Phyllis Hawkins & Associates, Inc. handles permanent individual and group placements of attorneys in law firms and corporations in Arizona.

From the Recruiters

Thursday, 2016 21 July

Writing Resumes and Cover Letters

Below is a recent article by Phyllis Hawkins for Attorney at Law Magazine.

Is it still necessary to have a resume in the day of law firm bios and LinkedIn historical listings? Yes. You will need one to apply directly for positions, especially those advertised on-line. Also, a well-crafted resume targeted to a particular position will help you stand out from others, and you can highlight additional experiences that may not be previously mentioned.

Resumes serve two primary goals: 1. help you get an interview 2. make the interview easier. Keep these in mind, and you might find it easier to write your resume. So here are a few suggestions: First, it is helpful to have several resumes that highlight different aspects of your legal experience. For example, let’s say you have background in both bankruptcy and commercial litigation. You can have a resume that is tailored to emphasis your commercial litigation experience, another one that highlights your bankruptcy background and a third that mentions both. That’s three resumes. So if you’re applying for a commercial litigation position, you will want the one that barely mentions your bankruptcy experience, since that aspect of your background is not of interest. Second, legal resumes are different from those of people in other fields and will differ in format and length for associate and partner level candidates. Craft this yourself and do not use a resume writing service. You also do not need boxes, bullet points, or an “Objective” which of course, is to change jobs.

Resumes are formal documents and should be written in third person. Start with your name, home address, personal e-mail, and cell phone number. Do not list your work e-mail or phone if you are moving confidentially.

If you are a senior attorney and still don’t use a personal e-mail, get one and start checking it often. And don’t use your spouse’s e-mail. No one wants to have to go through your spouse to reach you. you@gmail or you@yourname.com will make you look current. Also, skip listing a home phone unless you work at home.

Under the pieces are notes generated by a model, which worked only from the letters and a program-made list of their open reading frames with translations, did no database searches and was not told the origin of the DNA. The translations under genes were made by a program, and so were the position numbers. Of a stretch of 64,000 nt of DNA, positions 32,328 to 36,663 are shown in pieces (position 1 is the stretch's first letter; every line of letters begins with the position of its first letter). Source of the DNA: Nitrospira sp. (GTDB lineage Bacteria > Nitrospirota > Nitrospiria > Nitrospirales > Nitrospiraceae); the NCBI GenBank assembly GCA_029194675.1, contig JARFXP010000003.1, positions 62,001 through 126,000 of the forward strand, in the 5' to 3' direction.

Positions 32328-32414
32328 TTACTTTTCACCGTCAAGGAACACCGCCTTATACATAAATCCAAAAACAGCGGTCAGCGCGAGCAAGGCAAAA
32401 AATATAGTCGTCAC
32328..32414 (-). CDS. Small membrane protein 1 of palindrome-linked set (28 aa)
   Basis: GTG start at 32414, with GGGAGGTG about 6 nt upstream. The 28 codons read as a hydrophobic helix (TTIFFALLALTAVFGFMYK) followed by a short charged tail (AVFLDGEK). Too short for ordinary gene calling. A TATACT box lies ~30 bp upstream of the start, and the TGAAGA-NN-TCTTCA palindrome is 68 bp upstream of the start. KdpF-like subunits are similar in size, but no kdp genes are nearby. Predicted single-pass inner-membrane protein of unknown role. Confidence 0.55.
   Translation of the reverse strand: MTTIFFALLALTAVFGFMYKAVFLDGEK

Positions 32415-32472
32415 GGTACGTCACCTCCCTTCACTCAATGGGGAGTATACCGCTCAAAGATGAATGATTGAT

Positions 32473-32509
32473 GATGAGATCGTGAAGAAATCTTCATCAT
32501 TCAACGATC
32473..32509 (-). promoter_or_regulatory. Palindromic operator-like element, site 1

Senior attorneys should limit a resume to no more than three pages. Begin with a paragraph summarizing your work experience. The idea is to give the reader a clear idea of your practice and expertise. Next list in reverse order, current and previous employment with titles. If you started as an associate and then made partner at the same firm, list both with dates. List your education next. The more experienced you are, the less important your educational experiences become so simply list your law school and undergraduate schools and years of graduation.

If you are an associate, keep your resume to one page. List your education first — law school including journals and honors if any. List your GPA if you are proud of it. Undergraduate is listed second including basic academic honors. Leave off clubs, political and other social groups. If you were a college athlete, mention it.

Beneath education list your legal experience starting with your current position, date to present and include both functional duties and types of matters you handle. This is where you can emphasize certain experiences over others depending on the position you are pursuing. This section can be several sentences and prior positions should be listed in descending chronological order with increasingly shorter descriptions. Non-legal experience is mentioned only if you had a career between undergraduate and law school. Leave off jobs held during school; however if you financed all or part of your education, you should mention that.

Both partners and associates should list memberships and professional and civic affiliations third, beginning with State Bar of Arizona. Be sure and list other bar associations and courts if applicable, and any honors or awards. Also list any foreign languages and your fluency. Current speaking engagements and publications should be listed last. You can mention hobbies or interests if you have enough space left.

If you are a corporate associate, you will want to include a separate “deal sheet” to list representative transactions in which you participated. This will give the reader a clearer idea of your experience. Litigation associates should include a writing sample showing how well you write. Use a document that has been filed.

When you are ready to submit your resume, e-mail it from your personal e-mail as an attachment to a cover letter. Be sure and tailor the message to a particular position. Check on their website or call to locate the correct person to contact. Keep your message short and simple. The first sentence should let the reader know which position you are applying for and if someone has recommended you contact them.

The second paragraph can give some additional information not listed on your resume and include a link to your law firm bio. You can also highlight some part of your background that might make you a particularly good fit. Keep in mind this is your sales pitch. Be sure and end with your personal contact information. Hopefully — based on your resume and cover letter — you will get an opportunity to interview.